Once FTC acts, the statute's process for evaluating the competitive effect of the agreement is almost comically biased against
the settlement. To rebut the presumption of illegality, the parties would have to prove the settlement procompetitive "by
clear and convincing evidence"—a standard borrowed from patent law but not found elsewhere in antitrust law. During that process,
the "fact finder shall not presume" (a) that the patent would have excluded the generic, or (b) that the agreement "is pro-competitive"
simply because it allows early entry to market by the generic drug. The statute never considers the patent's potential to
exclude the generic option altogether as relevant to the competitive analysis. It is not even included in a list of "factors"
that "must" be considered—that's the same list that ends with "any other factor" identified by FTC "in its discretion" (6).
These standardless standards, along with new rule-making authority, would transform FTC from an antitrust enforcement agency
into a close regulator of all Hatch–Waxman settlements.
If the statute is passed and has a milder effect than I foresee, the likely cause will be its conceptual weakness and artless
wording. Courts may consider it odd, for example, that the statute makes two factors that courts have repeatedly held are
not anticompetitive (i.e., transfers "of value" and restrictions within the scope of the patent) presumptively unlawful. At
the same time, it attempts to make two other factors that courts have deemed critical to any competitive analysis (i.e., the patentee's right to exclude and the benefit of assured generic entry) irrelevant to the legality
of the agreement. The courts may conclude, as they have with respect to the Robinson–Patman Act (7), that this statute is
not intended to promote competition as such, and hence should be interpreted narrowly. The courts will also recognize, as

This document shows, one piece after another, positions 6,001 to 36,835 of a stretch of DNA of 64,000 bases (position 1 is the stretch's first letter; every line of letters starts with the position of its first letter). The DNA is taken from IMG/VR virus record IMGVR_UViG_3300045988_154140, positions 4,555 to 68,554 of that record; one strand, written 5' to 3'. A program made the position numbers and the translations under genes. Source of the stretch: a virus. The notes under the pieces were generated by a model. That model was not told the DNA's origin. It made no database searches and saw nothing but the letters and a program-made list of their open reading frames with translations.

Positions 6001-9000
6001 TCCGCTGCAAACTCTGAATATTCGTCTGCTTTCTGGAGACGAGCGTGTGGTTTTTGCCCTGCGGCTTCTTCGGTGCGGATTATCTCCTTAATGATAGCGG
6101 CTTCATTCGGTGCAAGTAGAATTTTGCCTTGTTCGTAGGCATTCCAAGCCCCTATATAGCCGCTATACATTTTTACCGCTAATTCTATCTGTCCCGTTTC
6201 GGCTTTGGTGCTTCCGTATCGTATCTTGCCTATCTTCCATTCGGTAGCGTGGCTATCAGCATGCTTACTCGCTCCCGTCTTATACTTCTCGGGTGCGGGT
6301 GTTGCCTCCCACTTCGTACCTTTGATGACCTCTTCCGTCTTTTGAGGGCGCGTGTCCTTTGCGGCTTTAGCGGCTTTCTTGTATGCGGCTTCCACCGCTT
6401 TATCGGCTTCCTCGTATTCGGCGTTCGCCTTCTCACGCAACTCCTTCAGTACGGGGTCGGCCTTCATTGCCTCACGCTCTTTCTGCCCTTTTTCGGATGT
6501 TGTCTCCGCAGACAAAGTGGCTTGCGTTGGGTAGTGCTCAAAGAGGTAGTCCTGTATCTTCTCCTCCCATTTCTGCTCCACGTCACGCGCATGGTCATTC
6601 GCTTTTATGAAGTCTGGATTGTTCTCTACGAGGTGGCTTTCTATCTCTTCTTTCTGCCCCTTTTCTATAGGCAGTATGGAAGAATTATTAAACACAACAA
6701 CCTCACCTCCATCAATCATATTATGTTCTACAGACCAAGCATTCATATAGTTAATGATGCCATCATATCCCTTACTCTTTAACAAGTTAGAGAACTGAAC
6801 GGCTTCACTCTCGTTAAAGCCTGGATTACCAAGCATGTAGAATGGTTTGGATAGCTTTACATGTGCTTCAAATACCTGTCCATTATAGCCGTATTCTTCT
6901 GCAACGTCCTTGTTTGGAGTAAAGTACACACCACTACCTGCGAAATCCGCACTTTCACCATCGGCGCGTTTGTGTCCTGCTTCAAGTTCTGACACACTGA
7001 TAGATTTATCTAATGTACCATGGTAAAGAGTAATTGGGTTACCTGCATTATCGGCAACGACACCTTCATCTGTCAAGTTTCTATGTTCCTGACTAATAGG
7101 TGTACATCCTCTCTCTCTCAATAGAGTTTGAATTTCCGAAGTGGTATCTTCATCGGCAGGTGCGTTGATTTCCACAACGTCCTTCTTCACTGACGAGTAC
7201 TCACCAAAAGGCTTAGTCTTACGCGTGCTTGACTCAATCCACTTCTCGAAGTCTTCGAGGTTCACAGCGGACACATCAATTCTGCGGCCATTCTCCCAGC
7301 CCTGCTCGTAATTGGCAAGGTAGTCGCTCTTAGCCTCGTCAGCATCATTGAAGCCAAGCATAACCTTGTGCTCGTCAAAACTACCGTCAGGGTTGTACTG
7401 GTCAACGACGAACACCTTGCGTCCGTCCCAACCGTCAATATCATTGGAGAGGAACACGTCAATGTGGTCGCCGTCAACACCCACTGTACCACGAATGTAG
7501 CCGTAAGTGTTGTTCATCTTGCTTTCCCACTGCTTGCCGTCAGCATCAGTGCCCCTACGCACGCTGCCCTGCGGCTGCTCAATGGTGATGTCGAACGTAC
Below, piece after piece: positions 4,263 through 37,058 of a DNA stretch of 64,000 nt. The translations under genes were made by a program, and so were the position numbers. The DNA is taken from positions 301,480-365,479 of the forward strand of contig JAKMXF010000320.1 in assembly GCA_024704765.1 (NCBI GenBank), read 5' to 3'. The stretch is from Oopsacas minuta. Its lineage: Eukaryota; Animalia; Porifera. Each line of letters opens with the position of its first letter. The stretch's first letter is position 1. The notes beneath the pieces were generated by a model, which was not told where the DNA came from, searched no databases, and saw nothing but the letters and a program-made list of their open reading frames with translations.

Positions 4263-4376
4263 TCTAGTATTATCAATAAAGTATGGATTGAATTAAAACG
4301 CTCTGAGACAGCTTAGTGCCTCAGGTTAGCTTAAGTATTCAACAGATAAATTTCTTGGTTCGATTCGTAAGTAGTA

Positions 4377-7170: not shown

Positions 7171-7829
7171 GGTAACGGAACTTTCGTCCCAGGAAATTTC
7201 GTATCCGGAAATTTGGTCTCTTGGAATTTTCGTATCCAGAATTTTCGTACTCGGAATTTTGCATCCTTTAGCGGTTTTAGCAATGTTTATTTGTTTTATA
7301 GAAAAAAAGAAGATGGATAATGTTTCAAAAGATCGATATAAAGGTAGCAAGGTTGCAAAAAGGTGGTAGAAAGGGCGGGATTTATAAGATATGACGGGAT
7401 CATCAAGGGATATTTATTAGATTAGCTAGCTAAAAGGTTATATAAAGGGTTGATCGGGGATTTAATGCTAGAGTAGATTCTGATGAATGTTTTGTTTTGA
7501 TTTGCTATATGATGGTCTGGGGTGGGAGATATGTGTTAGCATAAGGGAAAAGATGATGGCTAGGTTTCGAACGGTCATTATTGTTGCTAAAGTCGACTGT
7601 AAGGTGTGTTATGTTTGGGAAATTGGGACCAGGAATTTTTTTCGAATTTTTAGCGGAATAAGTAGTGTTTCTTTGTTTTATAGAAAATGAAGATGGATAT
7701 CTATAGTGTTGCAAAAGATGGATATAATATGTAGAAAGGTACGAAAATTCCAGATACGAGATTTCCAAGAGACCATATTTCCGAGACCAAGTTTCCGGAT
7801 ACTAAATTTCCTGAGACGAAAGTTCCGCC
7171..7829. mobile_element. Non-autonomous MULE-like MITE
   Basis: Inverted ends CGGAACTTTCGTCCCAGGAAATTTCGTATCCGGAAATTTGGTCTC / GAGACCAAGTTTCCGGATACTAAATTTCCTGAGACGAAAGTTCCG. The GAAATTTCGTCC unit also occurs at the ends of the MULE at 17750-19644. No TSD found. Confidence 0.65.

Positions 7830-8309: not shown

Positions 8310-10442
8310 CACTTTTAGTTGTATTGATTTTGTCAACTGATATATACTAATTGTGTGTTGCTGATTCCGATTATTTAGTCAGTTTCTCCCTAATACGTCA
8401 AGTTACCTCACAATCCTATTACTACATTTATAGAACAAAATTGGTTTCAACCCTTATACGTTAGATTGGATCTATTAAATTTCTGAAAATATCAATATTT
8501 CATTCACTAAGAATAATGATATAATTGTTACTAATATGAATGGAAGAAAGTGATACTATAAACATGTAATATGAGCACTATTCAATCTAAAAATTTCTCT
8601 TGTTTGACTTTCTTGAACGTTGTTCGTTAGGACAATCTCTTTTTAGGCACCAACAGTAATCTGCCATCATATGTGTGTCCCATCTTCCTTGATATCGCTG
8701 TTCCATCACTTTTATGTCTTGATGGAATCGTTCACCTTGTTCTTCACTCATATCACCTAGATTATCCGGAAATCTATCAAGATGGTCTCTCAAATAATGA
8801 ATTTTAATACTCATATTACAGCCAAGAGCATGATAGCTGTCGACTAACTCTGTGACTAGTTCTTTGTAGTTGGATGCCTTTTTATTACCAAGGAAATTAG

the statute's drafters apparently do not, that the failure to presume that a generic drug infringes a patent does not provide evidence that the generic drug does not infringe. The courts may
conclude that the procompetitive benefits of any settlement, especially one that guarantees some early entry, obviously outweigh
the "anticompetitive" effects of the statute's threshold factors (e.g., payments), which are not anticompetitive at all.
Kevin D. McDonald is a partner in the Washington office of Jones Day, a global law firm. He focuses on antitrust litigation. email@example.com
1. Asahi Glass Co. v. Pentech Pharm., Inc., 289 F. Supp. 2d 986, 994 (N.D. Ill. 2003)
2. Sen. H. Kohl, Statement before the 111th US Congress, Cong. Rec. S1433, Feb.3, 2009.
3. H.R. 4899, Preserve Access to Affordable Generics Act, in the US Supplemental Appropriations Act 2010 (111th Congress, 2010).
4. H.R. 4899, p. 74.
5. H.R. 4899, p. 84.
6. H.R. 4899, p. 76.
7. The Robinson-Patman Act, which forbids certain kinds of price discrimination, was passed in the early 20th century at
the behest of small retailers attempting to survive competition from larger rivals such as Sears, Roebuck. Because it forbids
practices that are plainly not anticompetitive, it has been interpreted narrowly by the Supreme Court and others [e.g., Volvo
Trucks North Am., Inc. v. Reeder-Simco GMC, Inc., 546 US 164 (2006.)]